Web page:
WASHINGTON (CNS) — The load of worries carried on the shoulders of José Gregorio Guarenas, coordinator of Human Rights for the Vicariate of Caracas at the Archdiocese of Venezuela, is heavy.
His work doesn’t solely focus on concerns affecting the life of members of the Catholic Church, such as recent cases of nuns facing obstacles in ministering to political prisoners in Venezuelan prisons.
It also stretches to concerns that a deteriorating social situation in the South American nation is augmenting human trafficking among the poorer segments of Venezuela’s population.
But in the face of all those challenges, he said there’s something he wants the world to know.
“This crisis has affected all of us, the church included,” said Guarenas in a Feb. 16 interview with Catholic News Service in Washington. “But it’s important to note that we have maintained our sense of hope and the (Catholic) Church has played a fundamental role in maintaining that hope. This is not the end.”
With help from the Catholic Church in the United States and elsewhere in the world, Venezuela’s Catholics have been able to maintain ministries among the country’s most downtrodden. While facing some stiff challenges, food and medicine regularly reach the country’s poorest through the church’s global humanitarian network Caritas.
Yet the church struggles to maintain its work in institutions such as schools, prisons and jails and clinics where church members regularly minister.
Permits for construction of new church schools linger. Women religious who minister in prisons are forced to wait for hours under sun or rain and often are asked to take off their crucifixes before entering. The government wants to know who’s receiving medicines and why, said Guarenas, who has dealt with human rights in the country for more than 30 years.
Some report government officials have started appointing their own priests and bishops, a sort of “parallel church.”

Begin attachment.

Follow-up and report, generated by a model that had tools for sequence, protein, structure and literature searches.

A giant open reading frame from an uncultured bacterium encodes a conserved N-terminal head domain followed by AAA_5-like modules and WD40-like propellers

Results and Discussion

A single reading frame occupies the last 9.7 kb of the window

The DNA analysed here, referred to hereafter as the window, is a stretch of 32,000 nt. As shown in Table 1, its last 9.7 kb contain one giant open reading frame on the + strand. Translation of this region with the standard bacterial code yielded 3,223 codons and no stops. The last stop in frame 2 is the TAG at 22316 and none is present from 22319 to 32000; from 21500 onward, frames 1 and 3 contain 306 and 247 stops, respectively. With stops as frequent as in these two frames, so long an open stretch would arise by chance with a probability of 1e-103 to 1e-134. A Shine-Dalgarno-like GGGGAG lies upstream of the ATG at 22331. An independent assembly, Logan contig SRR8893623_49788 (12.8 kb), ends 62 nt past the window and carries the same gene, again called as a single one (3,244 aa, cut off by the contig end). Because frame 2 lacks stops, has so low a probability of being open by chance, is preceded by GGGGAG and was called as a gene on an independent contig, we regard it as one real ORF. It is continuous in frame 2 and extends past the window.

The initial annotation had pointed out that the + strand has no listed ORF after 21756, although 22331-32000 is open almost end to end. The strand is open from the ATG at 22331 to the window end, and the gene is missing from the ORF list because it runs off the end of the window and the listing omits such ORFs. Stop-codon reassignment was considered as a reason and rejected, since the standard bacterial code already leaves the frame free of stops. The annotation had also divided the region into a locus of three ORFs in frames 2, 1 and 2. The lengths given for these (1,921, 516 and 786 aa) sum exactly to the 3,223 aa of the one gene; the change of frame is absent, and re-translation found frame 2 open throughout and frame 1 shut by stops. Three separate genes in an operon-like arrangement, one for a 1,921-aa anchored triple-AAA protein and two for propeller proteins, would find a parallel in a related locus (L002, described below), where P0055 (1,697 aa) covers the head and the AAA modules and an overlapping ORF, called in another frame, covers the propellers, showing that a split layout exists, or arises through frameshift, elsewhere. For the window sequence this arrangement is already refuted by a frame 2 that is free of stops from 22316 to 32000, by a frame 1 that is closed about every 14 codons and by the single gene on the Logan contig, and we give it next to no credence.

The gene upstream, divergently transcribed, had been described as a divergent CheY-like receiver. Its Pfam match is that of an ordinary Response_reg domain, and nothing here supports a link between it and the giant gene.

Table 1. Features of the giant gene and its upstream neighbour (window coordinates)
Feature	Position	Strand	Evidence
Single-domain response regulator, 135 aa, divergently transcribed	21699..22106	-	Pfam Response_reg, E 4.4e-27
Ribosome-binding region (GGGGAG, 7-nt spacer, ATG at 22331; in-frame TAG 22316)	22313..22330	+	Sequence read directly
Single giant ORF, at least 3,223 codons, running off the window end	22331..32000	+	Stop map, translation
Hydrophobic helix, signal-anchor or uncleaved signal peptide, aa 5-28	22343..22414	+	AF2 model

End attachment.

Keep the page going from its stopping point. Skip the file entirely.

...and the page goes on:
The vicariate’s human rights office has long documented those types of violations, even as its staff has faced constant threats, been photographed without their consent and faced general harassment, Guarenas said.
“We’ve had to bring our profile down, decreased public events, not so much because of persecution by authorities but by pro-government groups,” he said. “We’ve faced more aggression from groups of supporters of the government than from the government itself.”
During Guarenas’ mid-February visit to Washington, funded in part by the U.S. Conference of Catholic Bishops’ Collection for the Church in Latin America, he and a colleague connected with other human rights advocates in the U.S. capital to talk about the situation in Venezuela.
For more than 50 years, the collection has funded pastoral programs, seminarian and religious formation, and various ministries as a sign of solidarity between Catholics of the United States and those in Latin America.
Father Leo Perez, director of the collection, told CNS Feb. 17 that the trip was facilitated by the collection so Guarenas and his colleague could dialogue with other advocates on human rights issues.
And there’s no shortage of issues in what was once the richest country in South America, largely because of its oil supply.